Blake, 12, was named honorary chief of the fire department which along with other area departments has worked for the MDA since the mid-1970s. Matt Panos, district director of the local MDA chapter, estimated that Southwest Florida firefighters raised more than $9,000 for the association in 1982. Panos and Beverly Blake, Jeffs mother, said youngsters afflicted with muscular dystrophy particular enjoy fire department personnel. "Firefighters have a very strong image, and that is exactly opposite of a kid with a muscle disease," Panos said. "I think every little boy has a fascination with it (firefighting), and Jeff has told me all that he did at the department" Beverly Blake said.

Her son spent several hours touring the Cape Coral department and talking with its staff. Although children afflicted with muscular dystrophy lack physical strength and often are confined to wheelchairs, they compensate with a bright mind and quick wit Richard Bergquist, fire engineer, said. "They are really bright and are always happy, and you wouldn't think they would be, under the circumstances," Bergquist said. "They think a lot of the firefighters and the other organizations that help them." Panos said more than 1 million Americans are afflicted with neuromuscular disorders, which often cause crippling and premature death. Money raised from the national Labor Day telethon hosted by Jerry Lewis are pumped into the MDA for research, he said, with 78 cents of every dollar raised locally kept in Southwest Florida.

In September 1982, Panos said, Southwest Florida residents donated $194,000 to the MDA, while the national total pledged was $28.4 million. For more information about the MDA, call 337-3800. For details on the golf tournament call any of the three Cape Coral fire stations at 574-0464, 574-84 1 1 or 574-0522. Fort Myers man arrested in prostitution hour later. He was charged with grand theft soliciting for prostitution, impersonating a police officer and unnatural acts.

He was booked into the Lee County Jail early Sunday morning and was being held in lieu of $6,500 bail. Detectives said Withers was used instead of a real policeman because Spears knew most of the current Fort Myers police officers. Withers has volunteered to help the department on similar operations in the past. apartment about an hour after he eluded police officers working the undercover operation, records show. Mark Withers, a former Fort Myers policeman, was cooperating with detectives in an operation geared to arrest prostitutes who approach motorists along Anderson Avenue, according to detectives.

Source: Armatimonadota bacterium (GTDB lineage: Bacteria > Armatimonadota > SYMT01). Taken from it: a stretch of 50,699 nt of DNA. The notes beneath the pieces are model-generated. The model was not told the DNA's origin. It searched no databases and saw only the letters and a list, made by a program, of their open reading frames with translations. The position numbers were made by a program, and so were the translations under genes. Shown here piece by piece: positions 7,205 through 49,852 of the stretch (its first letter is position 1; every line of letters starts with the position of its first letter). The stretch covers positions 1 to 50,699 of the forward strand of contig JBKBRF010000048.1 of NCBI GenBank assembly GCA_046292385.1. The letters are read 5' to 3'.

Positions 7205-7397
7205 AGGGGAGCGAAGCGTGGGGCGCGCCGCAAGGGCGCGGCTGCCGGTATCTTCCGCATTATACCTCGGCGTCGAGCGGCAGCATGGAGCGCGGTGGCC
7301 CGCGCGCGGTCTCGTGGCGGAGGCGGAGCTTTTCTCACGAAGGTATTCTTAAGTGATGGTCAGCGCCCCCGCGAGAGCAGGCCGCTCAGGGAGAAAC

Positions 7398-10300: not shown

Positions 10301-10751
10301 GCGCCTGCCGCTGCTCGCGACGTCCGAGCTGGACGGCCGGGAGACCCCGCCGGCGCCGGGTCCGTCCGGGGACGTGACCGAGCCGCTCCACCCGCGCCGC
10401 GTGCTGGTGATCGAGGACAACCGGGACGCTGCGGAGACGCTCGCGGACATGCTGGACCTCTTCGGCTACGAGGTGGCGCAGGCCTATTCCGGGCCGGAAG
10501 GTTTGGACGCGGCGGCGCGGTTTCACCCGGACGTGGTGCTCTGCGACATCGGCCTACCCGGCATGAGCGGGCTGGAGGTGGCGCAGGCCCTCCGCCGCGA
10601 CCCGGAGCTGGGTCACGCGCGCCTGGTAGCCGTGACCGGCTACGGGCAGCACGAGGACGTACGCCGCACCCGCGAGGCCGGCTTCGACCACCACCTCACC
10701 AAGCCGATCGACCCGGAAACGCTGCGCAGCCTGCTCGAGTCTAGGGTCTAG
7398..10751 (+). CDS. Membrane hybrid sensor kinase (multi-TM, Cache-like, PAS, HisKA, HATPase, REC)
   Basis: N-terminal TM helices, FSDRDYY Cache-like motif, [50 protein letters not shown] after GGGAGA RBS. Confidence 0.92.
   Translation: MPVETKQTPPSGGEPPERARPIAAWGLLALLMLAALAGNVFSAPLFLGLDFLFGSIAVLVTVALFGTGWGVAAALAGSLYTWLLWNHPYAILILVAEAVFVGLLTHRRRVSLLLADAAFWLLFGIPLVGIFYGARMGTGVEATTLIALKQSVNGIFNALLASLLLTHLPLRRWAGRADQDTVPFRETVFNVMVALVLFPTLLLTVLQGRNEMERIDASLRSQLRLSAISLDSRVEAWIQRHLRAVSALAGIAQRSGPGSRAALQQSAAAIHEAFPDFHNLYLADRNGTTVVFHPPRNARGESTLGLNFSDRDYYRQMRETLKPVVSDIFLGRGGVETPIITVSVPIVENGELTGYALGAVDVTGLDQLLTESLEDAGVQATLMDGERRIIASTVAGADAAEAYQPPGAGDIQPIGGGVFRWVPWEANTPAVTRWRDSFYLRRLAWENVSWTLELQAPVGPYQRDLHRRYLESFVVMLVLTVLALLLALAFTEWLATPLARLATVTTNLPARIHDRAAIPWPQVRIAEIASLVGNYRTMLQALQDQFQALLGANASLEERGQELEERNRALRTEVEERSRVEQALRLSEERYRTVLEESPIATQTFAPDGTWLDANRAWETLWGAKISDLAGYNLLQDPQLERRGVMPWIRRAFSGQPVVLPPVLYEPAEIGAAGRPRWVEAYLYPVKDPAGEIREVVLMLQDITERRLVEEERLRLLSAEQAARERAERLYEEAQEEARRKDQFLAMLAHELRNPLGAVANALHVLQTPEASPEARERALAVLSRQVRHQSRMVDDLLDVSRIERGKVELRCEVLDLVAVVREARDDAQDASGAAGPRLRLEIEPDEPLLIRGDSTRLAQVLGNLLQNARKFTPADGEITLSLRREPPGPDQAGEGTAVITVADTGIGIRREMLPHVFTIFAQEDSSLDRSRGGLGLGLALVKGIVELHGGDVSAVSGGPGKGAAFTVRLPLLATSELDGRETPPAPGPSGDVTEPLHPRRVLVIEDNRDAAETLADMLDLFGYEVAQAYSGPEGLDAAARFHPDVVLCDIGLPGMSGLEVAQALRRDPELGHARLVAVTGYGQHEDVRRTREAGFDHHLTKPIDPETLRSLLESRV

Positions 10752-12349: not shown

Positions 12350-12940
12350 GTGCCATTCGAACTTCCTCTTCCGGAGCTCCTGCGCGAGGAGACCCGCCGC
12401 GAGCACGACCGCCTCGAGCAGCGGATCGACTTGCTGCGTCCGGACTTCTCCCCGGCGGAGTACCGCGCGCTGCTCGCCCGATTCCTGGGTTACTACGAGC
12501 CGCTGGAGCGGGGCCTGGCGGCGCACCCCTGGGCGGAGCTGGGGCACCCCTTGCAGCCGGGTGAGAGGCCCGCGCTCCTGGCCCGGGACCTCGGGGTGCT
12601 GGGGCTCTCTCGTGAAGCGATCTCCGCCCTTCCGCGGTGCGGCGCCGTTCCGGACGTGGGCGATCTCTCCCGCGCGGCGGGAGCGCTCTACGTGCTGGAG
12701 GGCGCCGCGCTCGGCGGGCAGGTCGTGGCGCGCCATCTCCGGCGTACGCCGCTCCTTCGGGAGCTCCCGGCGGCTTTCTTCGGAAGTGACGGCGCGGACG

Detectives said Spears eluded backup police cars who were watching the operation. Police found him at his home about an By FRANK RINELLA News-Press Staff Writer A Fort Myers man was arrested for prostitution and impersonating a police officer Saturday night when he allegedly propositioned a private citizen working in a police undercover operation, according to arrest reports. Mark Anthony Spears, 20, who also uses the names "Miss Margaret" and "Candy," was arrested at his 3555 Fleetwood Court Death row's Goode: There's no justice until I am dead 5i By FRANCES D. WILLIAMS News-Press Staff Writer STARKE Arthur Frederick Goode III was sentenced to death seven years ago for the homosexual rape and murder of 9-year-old Jason VerDow of Cape Coral, but he claims justice has never been done. "The death pen 33952 alty is a joke," Goode, 29, said at Florida State Prison's death row.

"There's been no iuct1A fnr Tncnn in, VerDow because my sentence has see me not just dead," he said. "They'd rather see me suffering and in pain. People need friends. You can't survive without help." Goode said he wants to die because he does not wish to live with the fear that everyone wants to hurt him. "They say I tortured Jason but I didn't" Goode said.

"It was done as quickly as possible. I just strangled them with a belt and they were gone within a minute or two." After Goode murdered Jason and before he was arrested by Cape Coral police, he fled to Virginia where he sexually abused 11 -year-old Kenny Dawson and strangled him to death. Goode was convicted of Kenny's murder and sentenced to life in prison and then returned to Lee County, where he was convicted of Jason's murder and sentenced to death. Prison officials keep Goode isolated from other prisoners because they say his life is in danger. "There's hardly an inmate in the place who wouldn't like to get his hands on him," a prison guard said.